Tuesday, September 29, 2015

These two images were made on film that expired in 2001.  I was hoping to use it to experiment with long exposure, but the scene didn't lend itself to that procedure.  Instead, I used it to be sure the camera I was using was doing what it is supposed to do...it was.  What you cannot see here are the manatees who were swimming near the pier, and sounding ever few minutes with their loud exhalations.  You also cannot hear the guy who was not far away playing his Uilllean Pipes...a wonderful bagpipe sound that's more gentle than the Great Highland Bagpipe.  (Film)

Update.  It seems that Uillean pipes are usually played sitting down, so it must have been something different as the piper was standing.  I discovered that there are 16 varieties of bagpipes in the UK and Ireland alone and about 3 times that many in other countries.  Whichever kind it was, it was very nice to hear. 

Sunday, September 27, 2015

I have begun to experiment with neutral density filters to learn how to make long exposure photographs.  I don't know what's involved with digital cameras and this technique, but with film it's mostly a lot of careful calculation and consultation with reciprocity failure graphs.  (RF is the falloff of film's sensitivity with extended exposure that is compensated for with still longer exposure which  has to be fairly precise.)   To do this, I'm using my oldest medium format camera, a Mamiya C220.  The reason is that it uses no battery, so exposure can last as long as necessary.  This photograph was only a one second exposure, but I used a fast film (ISO 400) so couldn't extend the time given the brightness of the scene.  I'm learning.  More to come!  (Film, of course!)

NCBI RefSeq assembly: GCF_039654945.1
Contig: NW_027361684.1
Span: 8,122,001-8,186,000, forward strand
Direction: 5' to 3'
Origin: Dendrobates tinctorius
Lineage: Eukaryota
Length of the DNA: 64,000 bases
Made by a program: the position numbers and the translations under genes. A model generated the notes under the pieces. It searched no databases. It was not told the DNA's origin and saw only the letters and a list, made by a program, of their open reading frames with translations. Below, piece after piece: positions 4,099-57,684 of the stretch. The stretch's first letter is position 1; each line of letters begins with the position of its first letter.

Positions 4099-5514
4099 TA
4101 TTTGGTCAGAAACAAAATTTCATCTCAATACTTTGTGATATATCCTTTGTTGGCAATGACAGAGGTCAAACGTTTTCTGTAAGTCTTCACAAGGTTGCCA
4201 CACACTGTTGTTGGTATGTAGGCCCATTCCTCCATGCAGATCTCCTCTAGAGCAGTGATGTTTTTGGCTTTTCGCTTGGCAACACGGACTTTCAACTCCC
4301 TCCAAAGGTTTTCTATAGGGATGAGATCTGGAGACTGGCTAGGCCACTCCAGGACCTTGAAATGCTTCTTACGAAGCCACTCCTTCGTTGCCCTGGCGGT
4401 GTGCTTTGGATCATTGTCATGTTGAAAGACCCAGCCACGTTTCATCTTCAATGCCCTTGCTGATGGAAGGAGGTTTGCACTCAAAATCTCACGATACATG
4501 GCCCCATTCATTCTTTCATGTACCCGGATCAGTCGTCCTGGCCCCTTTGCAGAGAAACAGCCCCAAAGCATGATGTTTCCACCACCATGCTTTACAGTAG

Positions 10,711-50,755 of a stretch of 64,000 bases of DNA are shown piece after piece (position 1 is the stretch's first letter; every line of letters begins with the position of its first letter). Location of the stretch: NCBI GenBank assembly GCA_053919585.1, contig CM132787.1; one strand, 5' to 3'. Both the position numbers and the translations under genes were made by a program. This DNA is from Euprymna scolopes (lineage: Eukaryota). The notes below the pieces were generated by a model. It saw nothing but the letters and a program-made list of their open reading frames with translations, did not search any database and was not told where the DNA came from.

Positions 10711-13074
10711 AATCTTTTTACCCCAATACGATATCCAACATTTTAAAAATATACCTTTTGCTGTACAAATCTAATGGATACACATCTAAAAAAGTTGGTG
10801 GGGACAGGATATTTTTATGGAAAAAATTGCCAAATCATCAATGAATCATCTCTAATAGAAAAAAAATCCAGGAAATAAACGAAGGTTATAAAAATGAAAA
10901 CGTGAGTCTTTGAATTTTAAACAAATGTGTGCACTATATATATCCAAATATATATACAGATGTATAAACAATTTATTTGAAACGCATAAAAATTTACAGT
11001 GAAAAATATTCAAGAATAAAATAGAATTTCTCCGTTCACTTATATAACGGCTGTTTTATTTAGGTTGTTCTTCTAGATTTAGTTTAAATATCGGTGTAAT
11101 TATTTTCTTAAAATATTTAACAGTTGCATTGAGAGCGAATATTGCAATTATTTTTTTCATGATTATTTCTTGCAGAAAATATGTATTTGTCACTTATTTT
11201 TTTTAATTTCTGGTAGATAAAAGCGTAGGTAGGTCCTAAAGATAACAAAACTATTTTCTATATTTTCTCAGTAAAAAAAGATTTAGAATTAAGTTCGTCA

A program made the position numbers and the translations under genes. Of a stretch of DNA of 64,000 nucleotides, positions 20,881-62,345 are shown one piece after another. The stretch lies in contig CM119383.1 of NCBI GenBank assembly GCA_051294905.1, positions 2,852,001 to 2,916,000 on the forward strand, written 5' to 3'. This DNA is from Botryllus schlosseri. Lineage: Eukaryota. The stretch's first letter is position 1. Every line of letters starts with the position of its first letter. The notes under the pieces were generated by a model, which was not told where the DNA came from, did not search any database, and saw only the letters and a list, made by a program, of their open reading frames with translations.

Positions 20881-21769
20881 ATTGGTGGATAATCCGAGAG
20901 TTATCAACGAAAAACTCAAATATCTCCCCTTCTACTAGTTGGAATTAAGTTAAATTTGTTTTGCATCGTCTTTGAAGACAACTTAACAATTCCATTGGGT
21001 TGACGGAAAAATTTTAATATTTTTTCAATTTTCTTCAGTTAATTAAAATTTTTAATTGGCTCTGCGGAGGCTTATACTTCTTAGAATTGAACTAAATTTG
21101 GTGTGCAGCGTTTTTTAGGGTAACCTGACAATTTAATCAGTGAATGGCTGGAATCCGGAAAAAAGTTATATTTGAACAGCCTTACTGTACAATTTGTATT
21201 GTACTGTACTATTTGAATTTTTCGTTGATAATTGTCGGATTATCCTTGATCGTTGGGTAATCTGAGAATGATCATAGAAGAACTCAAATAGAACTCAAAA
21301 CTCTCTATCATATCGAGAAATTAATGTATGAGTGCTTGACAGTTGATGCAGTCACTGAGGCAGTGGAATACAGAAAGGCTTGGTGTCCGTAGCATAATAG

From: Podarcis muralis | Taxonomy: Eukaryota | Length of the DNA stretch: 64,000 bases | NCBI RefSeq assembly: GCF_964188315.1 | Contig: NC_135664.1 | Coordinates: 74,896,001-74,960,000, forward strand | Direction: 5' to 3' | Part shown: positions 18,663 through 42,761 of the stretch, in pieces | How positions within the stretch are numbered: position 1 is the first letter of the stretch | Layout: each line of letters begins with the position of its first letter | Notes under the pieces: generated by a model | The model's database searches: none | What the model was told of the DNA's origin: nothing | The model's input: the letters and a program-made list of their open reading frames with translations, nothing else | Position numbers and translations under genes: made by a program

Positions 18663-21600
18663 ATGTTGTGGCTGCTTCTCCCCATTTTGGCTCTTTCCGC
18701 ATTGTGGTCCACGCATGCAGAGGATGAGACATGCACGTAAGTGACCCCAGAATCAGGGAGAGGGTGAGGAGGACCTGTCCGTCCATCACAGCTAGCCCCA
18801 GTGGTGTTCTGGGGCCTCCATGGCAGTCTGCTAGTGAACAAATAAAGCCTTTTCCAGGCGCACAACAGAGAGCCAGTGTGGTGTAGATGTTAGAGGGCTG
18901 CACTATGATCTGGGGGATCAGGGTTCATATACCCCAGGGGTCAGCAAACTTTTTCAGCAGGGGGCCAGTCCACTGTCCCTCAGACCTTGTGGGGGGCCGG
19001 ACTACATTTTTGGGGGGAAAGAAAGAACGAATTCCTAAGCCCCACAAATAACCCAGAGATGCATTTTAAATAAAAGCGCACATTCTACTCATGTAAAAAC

Saturday, September 26, 2015

It rained the day before I made these photographs, but the sky remained sullen.  The ocean was also in a terrible mood hurling itself on the beach in a tantrum.  Not to be upstaged, the wind whipped water into froth and sand into stinging splatter. I kept forgetting to turn my peaked cap around when facing the wind so off it would go. I quickly developed Medusa hair chasing it.  It's also true that eyeglasses and camera lenses are inclined to attract vapor (thankfully, the camera ones have clear, protective filters). With all the cap chasing and glass cleaning, it's a wonder I had a moment to make a photograph.

The air was on the cusp of feeling cool, and on such a day at this particular state park, I was reminded of Cape Cod. It's the Atlantic Ocean's seashore in both places, and the dunes and flora are not too distant in character. In Florida, though, if I fail to dodge an aggressive wave, my toes don't suffer frostbite.  (Film)

Tuesday, September 22, 2015

It's rare that I turn my camera on its side for a portrait view, but every now and then it seems to be a good idea.  I took this photograph a while ago, and only found it interesting enough to work with  today.  So, I'm posting it months after the fact.  But, if I said it had been taken today, it would be nearly impossible to prove otherwise! lol   (Film)